Thursday, October 22, 2015

"Steve Jobs" seems almost like a stage play


Steve Jobs” is playing in every auditorium this week (and next) at Landmark Theaters’ new Atlantic Plumbing Cineplex in the U-street corridor of Washington DC (actually on V St), near the 930 Club and the Town DC.  Released under Universal’s brand (rather than Focus Features, which would have been expected for independent-style film, even if from Legendary Pictues) the film can be compared to other films about Steve Jobs, the iconic Apple founder, as well as Mark Zuckerberg;  it can be compared to previous work by director Danny Boyle, and by writer Aaron Sorkin (especially “The Social Network”).

This time, the film is rather in the style of a stage play, almost an opera (however filmed as 2.35:1). The music is by Daniel Pemberton but it sounds like Philip Glass.  The screenplay focuses on three major product announcements, stretched from 1984 to 1998.  The indoor sets are pastel and hypermodern, even in the 1984 part before smart phones.

Michael Fassbinder looks a little older in the face and more uncompromising in speech than the real Steve Jobs at 30 (whom I remember watching on PBS then). In the opening segment, he is fussing over a bug that causes the Apple to fail to display “Hello” right before an opening, and the proprietary hardware, that can’t be opened with ordinary tools, makes it harder to fix.  The middle part about the Next box is a bit confusing, but the material about his return and announcement in 1998 looks more familiar, when the Internet was advancing quickly.  In fact, it’s hard to remember what I really did on my own TRS-80, ATT 6300 and then AST before finally getting email on AOL in 1994, and viewing Internet by AOL and Prodigy on a PS-1.  (Well, I wrote book manuscripts).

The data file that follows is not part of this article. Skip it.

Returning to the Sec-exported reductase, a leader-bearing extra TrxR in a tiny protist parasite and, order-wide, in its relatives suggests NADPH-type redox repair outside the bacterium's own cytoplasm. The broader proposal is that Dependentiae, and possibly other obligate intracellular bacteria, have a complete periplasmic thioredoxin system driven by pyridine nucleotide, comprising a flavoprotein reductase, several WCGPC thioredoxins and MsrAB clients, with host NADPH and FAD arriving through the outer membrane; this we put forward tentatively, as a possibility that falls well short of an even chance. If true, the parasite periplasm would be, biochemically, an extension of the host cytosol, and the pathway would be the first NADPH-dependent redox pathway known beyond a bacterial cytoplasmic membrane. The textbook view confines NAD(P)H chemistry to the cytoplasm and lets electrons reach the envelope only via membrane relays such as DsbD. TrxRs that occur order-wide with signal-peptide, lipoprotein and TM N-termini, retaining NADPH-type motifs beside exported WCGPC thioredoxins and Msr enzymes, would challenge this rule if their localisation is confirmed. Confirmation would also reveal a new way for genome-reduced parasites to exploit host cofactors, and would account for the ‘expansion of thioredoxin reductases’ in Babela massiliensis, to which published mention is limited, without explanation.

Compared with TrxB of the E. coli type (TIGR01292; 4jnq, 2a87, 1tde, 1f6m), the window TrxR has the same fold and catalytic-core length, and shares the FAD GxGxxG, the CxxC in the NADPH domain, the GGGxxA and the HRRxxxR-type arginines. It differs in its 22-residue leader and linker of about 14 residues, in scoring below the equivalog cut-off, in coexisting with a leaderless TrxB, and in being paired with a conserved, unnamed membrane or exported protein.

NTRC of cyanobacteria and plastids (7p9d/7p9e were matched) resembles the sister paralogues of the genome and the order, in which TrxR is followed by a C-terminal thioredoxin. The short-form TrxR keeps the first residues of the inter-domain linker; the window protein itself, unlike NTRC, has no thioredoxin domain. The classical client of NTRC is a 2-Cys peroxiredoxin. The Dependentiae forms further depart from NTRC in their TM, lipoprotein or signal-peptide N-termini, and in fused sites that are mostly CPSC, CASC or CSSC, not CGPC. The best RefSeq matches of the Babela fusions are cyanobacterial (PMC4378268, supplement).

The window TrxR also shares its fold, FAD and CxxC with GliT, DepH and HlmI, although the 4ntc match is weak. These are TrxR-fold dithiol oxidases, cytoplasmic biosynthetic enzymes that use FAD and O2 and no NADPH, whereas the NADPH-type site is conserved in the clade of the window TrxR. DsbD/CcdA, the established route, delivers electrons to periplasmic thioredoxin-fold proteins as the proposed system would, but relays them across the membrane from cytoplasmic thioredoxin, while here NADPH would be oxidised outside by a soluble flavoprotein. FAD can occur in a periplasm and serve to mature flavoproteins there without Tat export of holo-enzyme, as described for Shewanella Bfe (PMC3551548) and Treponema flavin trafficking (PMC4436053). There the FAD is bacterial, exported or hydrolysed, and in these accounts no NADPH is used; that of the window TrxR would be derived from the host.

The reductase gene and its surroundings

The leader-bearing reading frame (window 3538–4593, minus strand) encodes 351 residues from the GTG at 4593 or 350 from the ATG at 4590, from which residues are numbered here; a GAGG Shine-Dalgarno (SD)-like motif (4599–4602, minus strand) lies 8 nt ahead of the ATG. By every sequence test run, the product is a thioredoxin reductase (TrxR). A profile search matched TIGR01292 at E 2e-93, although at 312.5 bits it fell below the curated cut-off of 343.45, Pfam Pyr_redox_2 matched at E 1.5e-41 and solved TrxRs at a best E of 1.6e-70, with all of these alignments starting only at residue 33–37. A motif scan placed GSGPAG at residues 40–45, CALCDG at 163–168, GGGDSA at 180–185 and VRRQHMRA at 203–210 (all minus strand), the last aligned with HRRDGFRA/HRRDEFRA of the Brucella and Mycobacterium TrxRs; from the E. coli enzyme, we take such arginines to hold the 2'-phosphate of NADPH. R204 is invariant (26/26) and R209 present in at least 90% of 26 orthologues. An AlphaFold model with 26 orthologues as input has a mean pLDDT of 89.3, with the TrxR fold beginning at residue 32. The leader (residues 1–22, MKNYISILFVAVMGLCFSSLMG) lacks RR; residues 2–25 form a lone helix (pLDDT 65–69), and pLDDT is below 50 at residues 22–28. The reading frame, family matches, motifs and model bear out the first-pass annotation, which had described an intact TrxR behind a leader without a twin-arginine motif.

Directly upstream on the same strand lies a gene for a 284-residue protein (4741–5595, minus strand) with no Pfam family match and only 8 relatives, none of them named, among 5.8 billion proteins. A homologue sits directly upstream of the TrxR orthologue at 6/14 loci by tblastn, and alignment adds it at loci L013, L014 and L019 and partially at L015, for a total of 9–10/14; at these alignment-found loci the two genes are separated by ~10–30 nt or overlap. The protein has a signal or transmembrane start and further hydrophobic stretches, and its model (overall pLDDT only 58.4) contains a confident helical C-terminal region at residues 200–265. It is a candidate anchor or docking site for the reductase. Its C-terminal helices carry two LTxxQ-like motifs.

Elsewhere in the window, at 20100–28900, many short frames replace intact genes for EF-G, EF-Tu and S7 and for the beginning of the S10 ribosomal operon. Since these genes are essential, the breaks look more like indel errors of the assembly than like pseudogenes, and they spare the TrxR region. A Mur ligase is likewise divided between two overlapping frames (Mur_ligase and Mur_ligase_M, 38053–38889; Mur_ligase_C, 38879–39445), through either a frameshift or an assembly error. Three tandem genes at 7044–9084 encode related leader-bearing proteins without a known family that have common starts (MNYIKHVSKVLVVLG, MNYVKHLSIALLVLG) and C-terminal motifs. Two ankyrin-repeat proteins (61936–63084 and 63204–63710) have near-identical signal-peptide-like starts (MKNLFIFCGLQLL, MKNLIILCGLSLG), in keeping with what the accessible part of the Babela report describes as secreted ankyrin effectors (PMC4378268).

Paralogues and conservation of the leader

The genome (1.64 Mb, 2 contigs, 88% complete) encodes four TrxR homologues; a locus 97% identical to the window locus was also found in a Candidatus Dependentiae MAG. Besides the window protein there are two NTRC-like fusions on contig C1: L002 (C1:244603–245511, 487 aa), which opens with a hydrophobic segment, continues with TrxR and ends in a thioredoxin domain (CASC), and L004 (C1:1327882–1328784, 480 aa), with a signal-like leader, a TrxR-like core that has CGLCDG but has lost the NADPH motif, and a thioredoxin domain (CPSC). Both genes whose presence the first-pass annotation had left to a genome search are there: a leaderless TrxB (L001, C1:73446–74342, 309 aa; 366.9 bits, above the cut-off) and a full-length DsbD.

Much of the script deals with his relationship with his apparent daughter, Lisa (Perla Hanna-Jardine at 19, Ripley Sobo at 9).  Jeff Daniels is sleazy enough as Scully, but Seth Rogen looks soft and over-the-hill s Wozniak. (Yes, this is indeed a Seth Rogen movie.)  Kate Winslet is appropriately masculine as executive who helped introduce the original Macintosh.

There's a great line where Wozniak says giftedness is not "binary".  You can be a genius and ethical at the same time if you really want to.  There is also a tribute to Alan Turing, when the "rainbow Apple" logo is mentioned.  Turing is credited for inventing the computer and saving western civilization.  If so, he paid with his own life just as Christ did.



The official site (which has a lot of videos) is here.

As for Sorkin’s work, I related more to the way he treated the lives of Zuckerberg and his friends in “Social Network”.  I thought the earlier film showed more what their lives were really like.  My own idea in biographical filmmaking is to show the environments the characters performed in as they really looked, although that gets very expensive.

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